In Berlin, Dada got political. Collage proved particularly popular, becoming a metaphor for the fractured nature of society, as well as for the physical disfigurements of returning soldiers. In Skat Players, Otto Dix captured three war veterans playing a card game in a café, each one having to clutch the cards with their feet, mouth or prosthetic hands because of crippling injuries they’d received in combat.
Hannah Höch, meanwhile, was pioneering a new form of collage, derived from photographs in newspapers and magazines: photomontage. (The unprecedentedly high number of female artists in Dada ranks — such as Höch and Sophie Taeuber-Arp — is often cited as further proof of the movement’s revolutionary nature.)
Following the establishment of Dada in Berlin, Max Ernst and Johannes T. Baargeld — founder of the left-leaning art and political journal Der Ventilator, with which Max Ernst was closely involved — formed the Cologne branch of the Dada movement with Jean (Hans) Arp. They placed a particular emphasis on the art becoming depersonalised and automatic, and while Baargeld and Ernst remained separate from the Berlin arm of the group, they did participate in the famed 1920 Dada exhibition in Berlin. Typoskript-Manifest (below), offered at Christie’s, was a collaboration between Ernst and Baargeld.
Another major Dada hub was New York, and works from that city form the core of the Beyond Boundaries collection. ‘As would also happen in the Second World War, a host of European artist emigrés escaped to New York during the First World War,’ says Camu. ‘The city became an absolute melting pot of creativity.’
Marcel Duchamp, the man behind the most famous Dada artwork of all, was one of the new arrivals. The work in question was Fountain, a commercially made urinal that the artist purchased and then presented as a piece of art: it was an example of a new type of sculpture he called the ‘readymade’ (other examples including a snow shovel and a bottle rack).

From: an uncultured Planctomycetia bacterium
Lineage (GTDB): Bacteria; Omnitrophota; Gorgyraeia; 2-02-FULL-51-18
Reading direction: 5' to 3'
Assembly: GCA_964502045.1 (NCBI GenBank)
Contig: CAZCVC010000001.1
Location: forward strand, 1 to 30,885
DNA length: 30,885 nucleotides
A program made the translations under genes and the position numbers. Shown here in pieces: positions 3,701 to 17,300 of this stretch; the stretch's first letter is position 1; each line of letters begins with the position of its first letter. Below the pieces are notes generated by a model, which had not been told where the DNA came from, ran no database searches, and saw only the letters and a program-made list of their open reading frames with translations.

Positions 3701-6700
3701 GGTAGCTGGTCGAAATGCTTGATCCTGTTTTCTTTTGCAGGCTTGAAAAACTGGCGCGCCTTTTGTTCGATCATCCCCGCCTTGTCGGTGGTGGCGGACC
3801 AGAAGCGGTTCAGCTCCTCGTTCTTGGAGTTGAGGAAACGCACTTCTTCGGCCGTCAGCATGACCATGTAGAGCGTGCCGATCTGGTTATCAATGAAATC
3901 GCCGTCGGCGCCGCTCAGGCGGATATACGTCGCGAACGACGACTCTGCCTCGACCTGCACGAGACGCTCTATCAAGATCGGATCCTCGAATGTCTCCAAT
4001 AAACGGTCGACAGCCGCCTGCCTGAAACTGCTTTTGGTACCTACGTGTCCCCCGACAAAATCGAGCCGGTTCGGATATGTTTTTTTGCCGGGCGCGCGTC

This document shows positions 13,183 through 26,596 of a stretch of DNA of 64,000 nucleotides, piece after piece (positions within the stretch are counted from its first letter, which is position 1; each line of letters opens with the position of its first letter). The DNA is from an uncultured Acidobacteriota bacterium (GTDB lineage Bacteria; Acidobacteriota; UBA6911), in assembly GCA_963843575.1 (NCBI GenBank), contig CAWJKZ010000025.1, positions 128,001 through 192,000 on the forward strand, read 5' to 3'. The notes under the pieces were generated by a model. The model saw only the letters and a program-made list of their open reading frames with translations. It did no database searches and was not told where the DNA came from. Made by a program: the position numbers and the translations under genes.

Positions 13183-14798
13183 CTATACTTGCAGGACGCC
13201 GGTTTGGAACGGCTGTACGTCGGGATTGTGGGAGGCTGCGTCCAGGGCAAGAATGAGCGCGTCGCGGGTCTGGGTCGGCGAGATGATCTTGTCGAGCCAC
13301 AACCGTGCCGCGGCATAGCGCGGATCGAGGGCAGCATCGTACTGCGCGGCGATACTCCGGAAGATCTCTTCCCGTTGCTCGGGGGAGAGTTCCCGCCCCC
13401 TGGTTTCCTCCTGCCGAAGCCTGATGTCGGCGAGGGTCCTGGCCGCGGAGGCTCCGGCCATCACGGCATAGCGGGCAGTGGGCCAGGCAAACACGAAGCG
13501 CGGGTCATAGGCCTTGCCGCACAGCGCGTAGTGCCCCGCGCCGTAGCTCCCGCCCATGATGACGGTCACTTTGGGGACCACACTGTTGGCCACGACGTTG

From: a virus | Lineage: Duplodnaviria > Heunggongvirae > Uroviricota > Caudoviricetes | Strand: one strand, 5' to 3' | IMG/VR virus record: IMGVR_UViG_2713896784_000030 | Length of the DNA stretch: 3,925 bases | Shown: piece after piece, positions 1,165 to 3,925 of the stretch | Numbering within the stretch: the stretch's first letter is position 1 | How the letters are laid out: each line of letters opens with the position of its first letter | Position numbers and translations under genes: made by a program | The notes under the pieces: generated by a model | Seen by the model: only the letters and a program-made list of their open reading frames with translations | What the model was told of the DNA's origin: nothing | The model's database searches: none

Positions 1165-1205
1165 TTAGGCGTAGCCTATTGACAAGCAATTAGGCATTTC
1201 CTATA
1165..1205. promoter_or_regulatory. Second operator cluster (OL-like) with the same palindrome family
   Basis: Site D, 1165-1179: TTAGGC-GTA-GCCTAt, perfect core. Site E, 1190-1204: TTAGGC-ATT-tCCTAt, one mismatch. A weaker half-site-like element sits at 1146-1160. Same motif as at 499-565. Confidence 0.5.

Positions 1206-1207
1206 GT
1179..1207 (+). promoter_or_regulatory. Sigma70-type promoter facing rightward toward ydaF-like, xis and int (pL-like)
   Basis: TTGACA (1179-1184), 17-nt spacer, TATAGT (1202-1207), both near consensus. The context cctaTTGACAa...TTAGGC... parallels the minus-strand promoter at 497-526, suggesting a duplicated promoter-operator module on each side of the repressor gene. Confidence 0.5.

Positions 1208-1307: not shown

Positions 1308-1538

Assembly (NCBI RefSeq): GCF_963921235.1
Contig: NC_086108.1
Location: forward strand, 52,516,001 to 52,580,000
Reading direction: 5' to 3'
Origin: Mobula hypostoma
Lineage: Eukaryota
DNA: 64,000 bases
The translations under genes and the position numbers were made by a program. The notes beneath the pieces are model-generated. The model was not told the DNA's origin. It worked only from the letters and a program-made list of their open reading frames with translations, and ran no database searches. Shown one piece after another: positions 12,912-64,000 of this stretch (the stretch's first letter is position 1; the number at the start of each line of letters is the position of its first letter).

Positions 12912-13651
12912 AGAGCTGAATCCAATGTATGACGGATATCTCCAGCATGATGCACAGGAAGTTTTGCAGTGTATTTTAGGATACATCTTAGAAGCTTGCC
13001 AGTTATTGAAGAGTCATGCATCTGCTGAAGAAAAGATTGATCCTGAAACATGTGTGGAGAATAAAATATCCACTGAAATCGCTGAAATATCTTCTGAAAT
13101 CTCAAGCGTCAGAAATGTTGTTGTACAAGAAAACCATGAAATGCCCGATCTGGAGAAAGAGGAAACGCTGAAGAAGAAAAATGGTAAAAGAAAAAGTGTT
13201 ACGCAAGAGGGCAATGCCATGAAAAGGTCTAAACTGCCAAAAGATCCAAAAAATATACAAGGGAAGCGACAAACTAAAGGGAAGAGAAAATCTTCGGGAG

Beyond Boundaries features the last readymade from Duchamp’s time in New York, French Military Paper from 1918 (above). It’s also one of his most intriguing as, unusually, it was created by the artist himself.
After America’s entry into the First World War on the Allied side, Duchamp took a clerk’s job at the French War Mission where it was his duty to monitor the comings and goings of officials from his homeland. On the first day of 1918, he typed up a document listing the names of some military attachés who’d just arrived in New York, before deciding to take the document home illicitly and repurpose it as an artwork.
Duchamp had been enticed across the Atlantic in the first place by his old friend from Paris, Francis Picabia, who had already made the same move. A wide-eyed Picabia said New York caused ‘a complete revolution’ in his methods. ‘It flashed on me that the genius of the modern world is in machinery — and that through machinery, art ought to find a most vivid expression.’ He’d duly produce countless machine-inspired works, complete with a variety of hard-edged, geometric shapes.
Over the course of time, rods, pistons, gears, propellers, spark plugs and turbine breaks even began to take on sexual connotations for Picabia. Much as they seem to have done for another French ex-pat, Jean Crotti, in his painting on glass, Les forces mécaniques de l’amour en mouvement (The Mechanical Forces of Love in Movement).